Fines could be coming for Eureka Gardens owner

Another round of failed inspections at troubled complex could cost owner


JACKSONVILLE, Fla. – The owner of Eureka Gardens could face fines of up to $500 per violation for units that failed re-inspection this week, city attorneys said.

The residents of the troubled apartment complex are calling for those hefty fines to be levied against the Rev. Richard Hamlet, founder of Global Ministries Foundation, because the condition of dozens of apartments still violate the law.

Tenants have been dealing with mold, crumbling stairways and gas leaks at the complex for months. It's been weeks since a News4Jax investigation helped prompt a city code enforcement sweep that revealed deplorable conditions. Inspectors entered 165 units during the two-day sweep and found violations in 163 of them. Of those, three were tenant violations. The rest were the responsibility of the landlord.

The city began re-inspecting the complex this week and found 37 of 103 units scheduled for re-inspection were still not up to code.

Thirty-eight units passed inspection Thursday, and their cases were considered closed.

Another 28 units were not inspected, because the tenant was either not home or refused access to inspectors.

The city also noted that 21 stairways failed inspection.


Because Hamlet could face $500 for each violation, if one apartment has three or four violations, Hamlet could be looking at thousands of dollars per apartment.
Residents want the city to hit Hamlet where it hurts.

“He should be fined, heavily fined,” Barbara Everhart said.

Everhart said she’s finally seeing some progress on her roof and on the ground, where contractors are trying to make repairs.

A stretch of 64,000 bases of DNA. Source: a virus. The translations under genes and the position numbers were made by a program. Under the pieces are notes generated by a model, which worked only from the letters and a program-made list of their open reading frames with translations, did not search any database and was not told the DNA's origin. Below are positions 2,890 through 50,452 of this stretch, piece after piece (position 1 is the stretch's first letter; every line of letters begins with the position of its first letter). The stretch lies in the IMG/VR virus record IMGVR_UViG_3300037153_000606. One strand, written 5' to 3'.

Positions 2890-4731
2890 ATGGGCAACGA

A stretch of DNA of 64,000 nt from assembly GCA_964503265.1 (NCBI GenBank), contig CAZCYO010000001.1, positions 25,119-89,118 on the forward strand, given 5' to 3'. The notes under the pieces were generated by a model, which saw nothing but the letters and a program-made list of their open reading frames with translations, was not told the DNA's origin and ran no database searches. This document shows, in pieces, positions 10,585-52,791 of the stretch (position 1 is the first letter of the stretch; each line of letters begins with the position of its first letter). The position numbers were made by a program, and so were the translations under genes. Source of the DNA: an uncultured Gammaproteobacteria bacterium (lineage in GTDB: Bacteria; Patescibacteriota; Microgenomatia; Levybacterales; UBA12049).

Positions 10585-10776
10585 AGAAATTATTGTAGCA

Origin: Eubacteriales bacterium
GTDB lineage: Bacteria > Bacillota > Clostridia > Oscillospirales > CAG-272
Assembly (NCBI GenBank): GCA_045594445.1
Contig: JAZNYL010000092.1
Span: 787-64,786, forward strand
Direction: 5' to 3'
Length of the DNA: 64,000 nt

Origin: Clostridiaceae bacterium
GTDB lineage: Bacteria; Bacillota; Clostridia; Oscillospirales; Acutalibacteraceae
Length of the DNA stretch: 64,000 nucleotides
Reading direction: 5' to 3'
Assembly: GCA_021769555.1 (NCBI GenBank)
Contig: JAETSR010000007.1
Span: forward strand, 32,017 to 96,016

Everhart said the fixes have been a long time coming.

“I called 18 times, 18 times I called to the office and reported this every time,” Everhart said. “And one time, I went and reported it face to face.”

Time is running out for Eureka Gardens property managers, who will soon have attend a special magistrate hearing.

At the hearing, a city attorney sits as a judge and hears evidence from property managers and evidence from the city. The attorney determines how many violations still exist and which ones failed to be fixed by the deadline, which could result in daily rolling civil fines of $500 per violation.

“Hold him to his word. You have to be accountable,” resident Gunean Hooks said. “Everyone is accountable with whatever it is that they do.”

Hooks said her roof has been leaking for the past two years, and every complaint up until now has gone unheeded.

“I'm noticing now that roofs are being repaired, the stairwells are being repaired, and everything that should have been done a long time ago,” Hooks said.

The city is not finished re-inspecting Eureka Gardens. The next round of inspections is scheduled for Monday, which is why the city has yet to schedule the special magistrate hearing. When that hearing occurs, it will be open to the public.  

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